64-year-old Marino restaurant is just as charming today as it has ever been, with one of the most refined dining rooms in the city. Expect a variety of Italian classics, including fresh pasta, Caesar salads, calamari, and fried mozzarella. The elegant mains remind one of Big Night-era dinner specials, from chicken scarpariello to veal scallopini.
Osteria La Buca
Melrose’s mellow Osteria la Buca is the perfect kind of neighborhood Italian restaurant. Known for its great pasta, pizzas, and grilled meats, this 15-year-old restaurant is now an LA staple. There’s a location in Sherman Oaks as well.
Is there any more iconic old-school Italian restaurant than Dan Tana’s? From its historic location adjacent to the legendary Troubadour music venue to its timeless clientele of celebs, tourists, and cranky old-timers, this is the place to see and be seen over a big plate of chicken parm and red sauce pasta.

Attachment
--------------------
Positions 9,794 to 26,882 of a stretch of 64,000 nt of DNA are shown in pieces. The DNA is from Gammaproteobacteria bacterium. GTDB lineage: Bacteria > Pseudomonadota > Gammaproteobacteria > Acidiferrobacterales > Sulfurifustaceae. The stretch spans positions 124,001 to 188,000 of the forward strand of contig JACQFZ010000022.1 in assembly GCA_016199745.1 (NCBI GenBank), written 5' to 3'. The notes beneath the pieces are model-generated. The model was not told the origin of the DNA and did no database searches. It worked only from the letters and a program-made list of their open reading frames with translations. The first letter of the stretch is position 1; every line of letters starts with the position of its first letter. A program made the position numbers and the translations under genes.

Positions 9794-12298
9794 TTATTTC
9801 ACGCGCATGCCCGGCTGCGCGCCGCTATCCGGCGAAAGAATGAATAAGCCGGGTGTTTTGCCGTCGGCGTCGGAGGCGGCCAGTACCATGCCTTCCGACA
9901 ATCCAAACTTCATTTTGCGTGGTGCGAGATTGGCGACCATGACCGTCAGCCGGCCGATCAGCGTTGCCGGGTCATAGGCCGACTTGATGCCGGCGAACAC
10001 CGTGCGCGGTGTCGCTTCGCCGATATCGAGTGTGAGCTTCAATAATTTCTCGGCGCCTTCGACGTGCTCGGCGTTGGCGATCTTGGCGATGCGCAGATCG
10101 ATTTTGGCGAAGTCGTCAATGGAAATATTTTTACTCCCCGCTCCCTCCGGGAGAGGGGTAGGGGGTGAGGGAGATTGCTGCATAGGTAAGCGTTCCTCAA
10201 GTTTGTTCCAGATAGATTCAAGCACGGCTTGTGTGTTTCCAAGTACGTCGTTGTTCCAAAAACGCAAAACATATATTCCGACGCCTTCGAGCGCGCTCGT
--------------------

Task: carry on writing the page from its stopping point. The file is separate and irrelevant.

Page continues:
Although certainly a few steps above red-checkered-tablecloth Italian fare, Angelini has been a favorite for elegant pasta, risotto, and the like since Gino and Elizabeth Angelini opened the restaurant in 2001. Stop by for caprese made with heirloom tomatoes, classics like vitello tonnato, and the beloved lasagna verde “nonna Elvira,” made with thin sheets of fresh spinach pasta smothered in beef and veal ragu.
Chef Paola De Re and her three children opened this plucky little pasta shop in Mid-City in 2015, expanding to a larger restaurant in Culver City a few years later. With approachable pricing and a fast-casual service model, Pasta Sisters draws big lines for polished bowls of spaghetti, tagliatelle, and pappardelle with a customer’s choice of sauces that might include pesto, bolognese, or creamy porcini mushroom. This place is a modern pasta classic that has clearly captured the hearts of LA diners.